Petrolex Opens Tank Farm, Planned to Be Africa’s Largest - Africa’s premier report on the oil, gas and energy landscape.

Petrolex Opens Tank Farm, Planned to Be Africa’s Largest

By Paul Kelechi

Petrolex Oil & Gas Limited, is set to launch what it calls a Mega Oil City in Ibefun, Ogun State, in the north of Lagos, Nigeria’s commercial hub.
The company says it is part of a plan to revolutionise the Nigerian oil and gas landscape.

It has invited Yemi Osinbajo, the Vice President, to launch the facility, the heart of which is reportedly a 300 million-litre capacity tank farm with the capacity to turnover 600Million litres of petroleum products every month.

“The facility is expected to improve the average Nigerian throughput capacity for distribution of petroleum products by over 500%”, the company says. Petrolex argues its project will decongest the tanker traffic in Apapa (the Port suburb of Lagos) and Ibafo (in the hinterland) by 60%, thereby eliminating hazards associated with storage and transportation of petroleum products in those areas. “To facilitate the achievement of its strategic goals, Petrolex has 16 barges, 8 tugboats and a 30KT vessel”, the company claims, adding, “the Petrolex Mega Oil City has a residential quarters, army barracks, 30 loading gantries and a 4000-truck capacity park with accommodation for drivers”.

The company reports that the tank farm is highly accessible through land and waterways; with easy access from the Atlantic Ocean. But how is that?
Petrolex’s CEO Segun Adebutu says the company consulted the vast midstream experience in the Netherlands “where They have narrow channels that are shallow but they are still able and capable to move their products up and down. They came in and did a survey and then built special barges that when fully laden, require just 1.8m draft to be able to operate. We spent close to $50Million building that fleet”, he claims. “What it essentially means is that, from our SBM (Single Bouy Mooring) point, we can bring in cargo into the channel and pump it into our tanks; which means we don’t need to dredge. That doesn’t mean to say some dredging hasn’t been done because space has to be created at the turn-around area and at the elbow coming into the River Aye.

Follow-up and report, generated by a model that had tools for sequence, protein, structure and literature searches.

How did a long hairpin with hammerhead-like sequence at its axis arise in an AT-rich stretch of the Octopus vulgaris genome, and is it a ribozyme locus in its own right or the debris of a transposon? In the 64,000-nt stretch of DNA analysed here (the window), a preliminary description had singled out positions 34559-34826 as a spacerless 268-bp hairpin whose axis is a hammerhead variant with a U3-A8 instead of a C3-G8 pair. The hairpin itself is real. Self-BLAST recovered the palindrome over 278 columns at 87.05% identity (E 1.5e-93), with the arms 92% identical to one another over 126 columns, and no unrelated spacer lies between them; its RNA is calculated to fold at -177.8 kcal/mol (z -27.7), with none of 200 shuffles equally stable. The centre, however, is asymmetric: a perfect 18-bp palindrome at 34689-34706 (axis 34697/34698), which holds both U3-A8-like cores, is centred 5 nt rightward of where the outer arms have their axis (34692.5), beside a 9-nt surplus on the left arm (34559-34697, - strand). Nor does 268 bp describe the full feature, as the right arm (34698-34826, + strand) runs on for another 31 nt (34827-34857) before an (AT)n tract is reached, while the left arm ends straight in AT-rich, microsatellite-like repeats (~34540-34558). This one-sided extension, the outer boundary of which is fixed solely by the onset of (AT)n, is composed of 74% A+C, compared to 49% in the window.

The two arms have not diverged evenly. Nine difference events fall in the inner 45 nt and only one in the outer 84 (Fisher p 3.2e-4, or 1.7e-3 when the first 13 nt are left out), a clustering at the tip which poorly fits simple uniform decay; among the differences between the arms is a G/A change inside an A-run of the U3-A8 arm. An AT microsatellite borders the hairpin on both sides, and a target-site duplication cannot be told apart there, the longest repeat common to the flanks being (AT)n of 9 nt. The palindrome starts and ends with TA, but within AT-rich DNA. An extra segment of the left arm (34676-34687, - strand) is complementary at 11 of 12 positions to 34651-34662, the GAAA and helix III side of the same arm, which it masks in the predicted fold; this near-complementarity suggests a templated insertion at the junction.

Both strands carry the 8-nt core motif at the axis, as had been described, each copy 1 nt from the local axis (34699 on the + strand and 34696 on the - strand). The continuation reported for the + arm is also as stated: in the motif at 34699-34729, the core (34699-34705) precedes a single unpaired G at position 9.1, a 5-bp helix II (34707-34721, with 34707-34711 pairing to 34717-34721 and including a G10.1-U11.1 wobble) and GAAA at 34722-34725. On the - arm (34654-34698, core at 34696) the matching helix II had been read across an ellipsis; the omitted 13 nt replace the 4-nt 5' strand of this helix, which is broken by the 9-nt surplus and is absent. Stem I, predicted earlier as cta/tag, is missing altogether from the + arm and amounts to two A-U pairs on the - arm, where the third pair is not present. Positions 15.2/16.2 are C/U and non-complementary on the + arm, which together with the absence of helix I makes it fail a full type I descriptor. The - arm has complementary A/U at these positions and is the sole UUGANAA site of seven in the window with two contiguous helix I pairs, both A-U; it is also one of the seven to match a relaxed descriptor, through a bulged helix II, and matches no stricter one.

“The River Aye empties into the Lekki channel which then empties into the lagoon and then into the Atlantic. So there is a way of bringing in, to a certain point, big vessels that will be anchored. Because they are too big to come in here, our barges will have to meet them half way and transship the cargo and bring it to site. In the long run, because we are going to be handling much more products from the refinery, we have finished doing the Front End Engineering Design to build using the micro-tunneling technology, a 32km pipeline that will go all the way past the fairway buoy and exit at an export platform. What that means is that, unlike an SBM, it can take up to 3 Super Maxis. Super Maxis are vessels that can take up to 200,000 tons of petroleum product, crude or whatever. They can berth there and we can pump as much as 200Million liters a day via the pipeline into the facility.

The reason we require that kind of volume is that that kind of pipeline is not just going to pump in or out only clean products; we are going to have a gas pipeline in it and also a pipeline that will handle crude.

Petrolex says it has a vessel that can take 30,000 tons of product, 16 barges that can carry clean products that can be propelled by push-out tugs.
This is essentially why it can say it has “proximity to the Lagos market, and easy accessibility to the Northern and Eastern parts of Nigeria, gives it a strategic advantage, as customers can load their products in unprecedented time and avoid delays which characterise the industry”.

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1 comment

  1. Kehinde Adebiyi says:

    Excellent, pls I need a job at the depot am Petroleum and gas processing engineering graduate. Please help me

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